Every morning, after my wife and I wrangle the kids into the car, I turn on NPR and we take off to work and daycare. Our commute is not only a time to mentally prepare for the work day ahead, but it is also another moment I get to spend with the people I love the most before the responsibilities and reality of the day take shape.
Last August, my wife and I began hearing daily reports of violence against the Rohingya people and the hundreds of thousands who were forced to flee their homes seeking safety in Bangladesh.
Day after day, the news was heartbreaking. After a couple weeks of hearing about the suffering of the Rohingya refugees, I came across a series of disturbing images of a young mother and father grieving the recent loss of their baby boy. I saw my own family reflected in these images. The child looked like my daughter, and the boy was even positioned similarly to how my son peacefully slept in his crib not long ago.
Since August 2017, approximately 720,000 Rohingya have fled Myanmar seeking safety in Bangladesh.
I imagined myself there as that father holding one of my children and the immense, overwhelming grief he must have experienced. I thought of those parents, who out of desperation to escape persecution and violence, risk everything to seek safety for their loved ones. Then I thought of my own privilege and reflected on what I could realistically do, and realized that the most significant thing I could do right now is to raise awareness and funds for the refugees fleeing the crisis.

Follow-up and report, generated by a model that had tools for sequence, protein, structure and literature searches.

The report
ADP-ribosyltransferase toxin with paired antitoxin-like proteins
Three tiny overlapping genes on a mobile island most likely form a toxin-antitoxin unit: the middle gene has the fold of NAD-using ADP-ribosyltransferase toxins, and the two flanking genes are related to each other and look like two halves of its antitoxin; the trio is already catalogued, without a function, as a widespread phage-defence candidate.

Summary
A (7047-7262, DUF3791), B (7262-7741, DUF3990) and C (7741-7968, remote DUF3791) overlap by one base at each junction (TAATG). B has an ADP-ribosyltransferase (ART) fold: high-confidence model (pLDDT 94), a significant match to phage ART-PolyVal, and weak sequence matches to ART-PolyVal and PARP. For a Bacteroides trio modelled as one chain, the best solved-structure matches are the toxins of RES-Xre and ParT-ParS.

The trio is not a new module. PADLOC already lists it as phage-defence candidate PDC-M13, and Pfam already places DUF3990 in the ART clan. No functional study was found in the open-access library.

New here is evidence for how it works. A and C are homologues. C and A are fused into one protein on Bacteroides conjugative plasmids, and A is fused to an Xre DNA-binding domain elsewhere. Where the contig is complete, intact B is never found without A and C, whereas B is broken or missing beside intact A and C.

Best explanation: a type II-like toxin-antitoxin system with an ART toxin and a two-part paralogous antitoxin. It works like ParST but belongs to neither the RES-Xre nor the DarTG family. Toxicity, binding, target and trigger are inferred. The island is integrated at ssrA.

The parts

To help support Rohingya refugees, I have committed to compete in a series of races culminating in an Iron Man competition next spring with a goal of raising $20,000.
I completed my first race last month, a Tough Mudder, and I’m overwhelmed with the support and enthusiasm I’ve already received. A good friend of mine, Ryan Morris, was inspired and not only joined me in that race but shaved his beard once we reached our benchmark goal for that race. Friends and family have already helped me raise more than $5,000 and my employer, Indeed Inc, has committed to matching employee donations to my efforts.
People want to support a good cause, they just need to be asked, and I have been humbled at every turn with the support I have received on this journey. One of the best examples is my upcoming birthday party fundraiser. A local Austin bar, Craftsman, has agreed to host the event and to donate a portion of what is spent at the event to the fundraiser. Not only that but my good friends at Electric Hunter, Jamie DeFilippis, and Jake Bomgaars are all volunteering their time to put on a show.
Philip Tryon is a Community Fundraiser for USA for UNHCR and a proud supporter of refugees.